A typical morning in the year 2001: You wake up, scan the custom newspaper that’s spilling from your fax, walk into the living room. There you speak to a giant screen on the wall, part of which instantly becomes a high-quality TV monitor. When you leave for work, you carry a smart wallet, a computer the size of a credit card. When you come home, you slip on special eyeglasses and stroll through a completely artificial world.
Your morning newspaper spewing forth from the fax machine; glad they were wrong about that one. (Thanks for the heads up to Waffle at digg.com.)
Link to: nonscholae.org at incorporated subversion
James Farmer has launched a site to help persuade school administrators of the importance of encouraging responsible use of blogs, instant messaging and other social software in schools. I hadn’t realized what a huge problem it is for teachers who want to try new technologies with their classes until members of my planning class explained the hoops they they had to go through merely to access their own professional blogs.
The problems these teachers face provides on reason why so many of our students come to college with plenty of experience in posting “facebook pictures of them half naked, drunk and swapping spit” and little experience sharing their more academic interests. Far too many schools make it far too difficult to integrate theses tools in meaningful ways, therefore leaving students to their own devices.
Continue reading “Making the Read/Write Web Accessible to Students”
Link to: EDUCAUSE REVIEW | January/February 2006, Volume 41, Number 1
Educause President Brian Hawkins has an article in the latest Review in which he outlines 12 skills that he sees as essential to becoming successful and effective IT professionals in higher education. In the introduction, he makes the key point that there are two processes at work here: having the skill and then building the habits of integrating the use of that skill into daily practice. Imagining the integration piece is the hard when you look at some of the habits he highlights.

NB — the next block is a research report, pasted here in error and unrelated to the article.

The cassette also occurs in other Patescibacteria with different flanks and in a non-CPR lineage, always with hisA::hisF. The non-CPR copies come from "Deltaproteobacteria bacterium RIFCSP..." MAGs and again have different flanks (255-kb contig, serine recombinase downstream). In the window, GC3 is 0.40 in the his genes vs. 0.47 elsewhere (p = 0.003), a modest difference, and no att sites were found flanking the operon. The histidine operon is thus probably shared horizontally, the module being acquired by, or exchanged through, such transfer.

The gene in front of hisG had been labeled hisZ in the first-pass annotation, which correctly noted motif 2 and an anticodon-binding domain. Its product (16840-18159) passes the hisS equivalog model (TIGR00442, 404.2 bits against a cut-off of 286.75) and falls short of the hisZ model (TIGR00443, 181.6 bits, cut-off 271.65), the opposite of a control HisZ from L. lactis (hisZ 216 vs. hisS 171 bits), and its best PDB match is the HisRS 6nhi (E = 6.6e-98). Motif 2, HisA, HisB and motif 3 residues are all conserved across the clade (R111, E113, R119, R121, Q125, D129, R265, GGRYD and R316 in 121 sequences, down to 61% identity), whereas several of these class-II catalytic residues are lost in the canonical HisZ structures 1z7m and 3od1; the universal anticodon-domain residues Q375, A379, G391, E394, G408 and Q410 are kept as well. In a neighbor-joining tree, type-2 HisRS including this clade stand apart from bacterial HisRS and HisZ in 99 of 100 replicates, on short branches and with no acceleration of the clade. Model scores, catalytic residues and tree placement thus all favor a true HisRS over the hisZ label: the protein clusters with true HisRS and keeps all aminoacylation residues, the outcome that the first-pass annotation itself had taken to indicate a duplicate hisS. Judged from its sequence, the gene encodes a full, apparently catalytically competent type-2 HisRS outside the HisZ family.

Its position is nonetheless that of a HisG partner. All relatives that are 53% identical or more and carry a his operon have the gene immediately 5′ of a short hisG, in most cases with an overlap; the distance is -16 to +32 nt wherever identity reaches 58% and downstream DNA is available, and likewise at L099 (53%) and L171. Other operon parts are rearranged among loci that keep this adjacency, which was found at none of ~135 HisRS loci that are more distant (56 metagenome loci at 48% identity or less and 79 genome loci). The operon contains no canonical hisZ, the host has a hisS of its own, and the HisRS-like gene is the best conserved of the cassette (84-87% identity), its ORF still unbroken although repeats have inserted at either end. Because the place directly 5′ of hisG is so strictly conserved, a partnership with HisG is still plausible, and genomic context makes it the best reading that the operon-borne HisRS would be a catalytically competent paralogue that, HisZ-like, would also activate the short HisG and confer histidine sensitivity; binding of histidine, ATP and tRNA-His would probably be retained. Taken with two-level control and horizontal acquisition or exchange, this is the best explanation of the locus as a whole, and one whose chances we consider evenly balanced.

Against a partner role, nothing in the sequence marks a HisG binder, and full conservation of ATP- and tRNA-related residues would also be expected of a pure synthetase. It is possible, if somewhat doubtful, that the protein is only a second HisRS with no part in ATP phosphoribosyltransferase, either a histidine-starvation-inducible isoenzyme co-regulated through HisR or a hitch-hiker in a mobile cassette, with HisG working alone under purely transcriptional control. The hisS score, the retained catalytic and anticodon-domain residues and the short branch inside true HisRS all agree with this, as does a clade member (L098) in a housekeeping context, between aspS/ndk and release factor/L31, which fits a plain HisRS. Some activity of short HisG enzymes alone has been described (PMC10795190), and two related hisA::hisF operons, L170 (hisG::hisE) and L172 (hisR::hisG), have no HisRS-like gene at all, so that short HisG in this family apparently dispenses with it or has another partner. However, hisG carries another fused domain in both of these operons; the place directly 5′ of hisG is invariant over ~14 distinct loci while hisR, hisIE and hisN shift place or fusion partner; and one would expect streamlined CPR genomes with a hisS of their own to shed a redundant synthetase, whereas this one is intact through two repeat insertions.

They Avoid the Unconscious Conspiracy… of drowning in the tidal waves of minutia, mundane details, and dailiness associated with their jobs, which take all of their time and energy…
Many of his suggestions have more applicability to CIO’s than the mere mortals in the IT world:
- They Are Cautious When Speaking Publicly
- They Cultivate Their Advisory Committees
Others seem have more universal applicability:
- They Don’t Whine
- They Redefine Themselves
I’ve collected lots of lists like this over the years, and they make intesting reading and engaging conference presentations. They all suffer from one problem, however, that is central to “professional development” in IT and every other field. How does the average IT staff member actually put these prescriptions into practice? How do we create–dare I say it–learning environments where busy staff understand the importance of continuing to learn and their organizations routinely allow the space required to learn the new skills and the support to make it habitual to use them. That space is hard to come by in organizations beset with security problems, never-ending demands of administrative systems users and lack of a clear vision for the importance of technology to the core mission of our institution.